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Schedules and Results Medal Tracker Writers Sports 2004 Olympics

NBC's omnipresent Games begin with fireworks

Posted: Sunday August 15, 2004 4:19AM; Updated: Sunday August 15, 2004 4:19AM

TV Highlights

A look at NBC's coverage of the summer Olympic games from Athens:

RATINGS: Friday's opening ceremony averaged 25.1 million viewers, according to Nielsen Media Research. That's down from the 27.3 million who watched opening night in Sydney four years ago. NBC was pleased, however, that Friday's total viewership of 56 million -- counting the number of people who tuned in at any point during the night instead of who was watching during an average minute -- was identical to the Sydney figure. The ratings were actually higher than those for the 1992 Barcelona opening ceremony, the last European games.

HIGHLIGHT: Tom Brokaw and Robert Hager's short, sharp report on Olympic security, noting the fivefold spending increase since Sydney in 2000. They showed how a blimp floating over the venues could film a van on the streets below, even reading the license plate. Cameras are planted all over the grounds, able to swivel toward the sound of a gunshot. Creepy. Here's hoping it's the last time security is in the spotlight.

LOWLIGHT: Shortly after the U.S. Olympic team marched into the stadium, viewers were directed to NBC's Web site, where replicas of their outfits were already for sale. How fast can a nice moment be turned into a sales opportunity? That fast. NBC also said its Web site had information about Bjork's music -- right after Bob Costas and Katie Couric talked over her performance during Friday's opening ceremony.

ILL-ADVISED QUOTE OF THE DAY: "Iraqi athletes have a tortured past, literally." -- Katie Couric. That tragic story shouldn't be fodder for wordplay.

EWWWWW!: Greek athletes kissing the camera lens while marching into stadium.

NO NEWS: We understand the business reasons for NBC holding off until prime-time Saturday to show Michael Phelps' gold medal swim. But why did MSNBC -- during a news report Saturday afternoon -- mention that the U.S. had one gold medal but not say who won it? Such a tease! Curious viewers could easily turn to ESPN and find out. MSNBC also stayed with its planned Olympics coverage Saturday evening even though its competitors were covering Hurricane Charley's aftermath nearly full-time. MSNBC planned to offer news updates.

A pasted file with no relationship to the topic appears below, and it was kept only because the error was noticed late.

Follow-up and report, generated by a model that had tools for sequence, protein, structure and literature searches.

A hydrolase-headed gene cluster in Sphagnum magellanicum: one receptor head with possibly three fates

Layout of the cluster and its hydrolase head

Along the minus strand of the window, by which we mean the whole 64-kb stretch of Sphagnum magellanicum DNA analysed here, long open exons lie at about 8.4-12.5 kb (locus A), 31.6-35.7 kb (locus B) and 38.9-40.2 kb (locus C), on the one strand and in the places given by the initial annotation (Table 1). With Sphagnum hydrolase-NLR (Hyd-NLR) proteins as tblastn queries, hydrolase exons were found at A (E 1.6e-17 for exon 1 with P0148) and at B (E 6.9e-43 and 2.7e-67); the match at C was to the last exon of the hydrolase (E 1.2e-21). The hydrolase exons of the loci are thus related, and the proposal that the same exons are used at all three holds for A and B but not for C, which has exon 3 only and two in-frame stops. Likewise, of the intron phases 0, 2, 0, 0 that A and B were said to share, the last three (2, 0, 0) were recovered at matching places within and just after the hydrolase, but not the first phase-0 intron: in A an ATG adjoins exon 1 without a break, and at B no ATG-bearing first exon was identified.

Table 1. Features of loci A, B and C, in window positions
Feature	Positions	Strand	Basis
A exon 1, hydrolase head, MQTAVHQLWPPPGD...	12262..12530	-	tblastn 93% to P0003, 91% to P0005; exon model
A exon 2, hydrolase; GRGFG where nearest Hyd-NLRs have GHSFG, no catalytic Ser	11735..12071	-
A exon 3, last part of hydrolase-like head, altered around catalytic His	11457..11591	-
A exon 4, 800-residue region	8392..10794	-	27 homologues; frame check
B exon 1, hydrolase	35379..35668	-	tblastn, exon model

WHEN TO WATCH SUNDAY (TIMES EDT, SUBJECT TO CHANGE): NBC (Noon to 6 p.m.), swimming and U.S. men's basketball team vs. Puerto Rico; NBC (7 p.m. to midnight), women's gymnastics, four gold medal swimming finals; CNBC (2 a.m. to 4 p.m.), men's doubles badminton with U.S. vs. South Africa, rowing and volleyball; Bravo (4 a.m. to noon), U.S. softball vs. Australia; USA (8 a.m. to 11:30 a.m.), women's cycling; MSNBC (4 p.m. to 7 p.m.), boxing; Bravo (midnight to 1 a.m.), tennis and sailing; Telemundo (noon to 7 p.m.), boxing and men's soccer.

(AP) -- After dozing off to images of flying Eros, an overdressed Bjork and Olympic rings burning in water, television viewers awoke Saturday to the U.S. women's basketball team easily beating New Zealand.

So began NBC's omnipresent Olympics.

With a staggering 39 hours of coverage spread across six networks on Saturday alone -- not including Lester Holt interviewing athletes on weekend "Today" -- the Olympic burnout factor is being tested right away.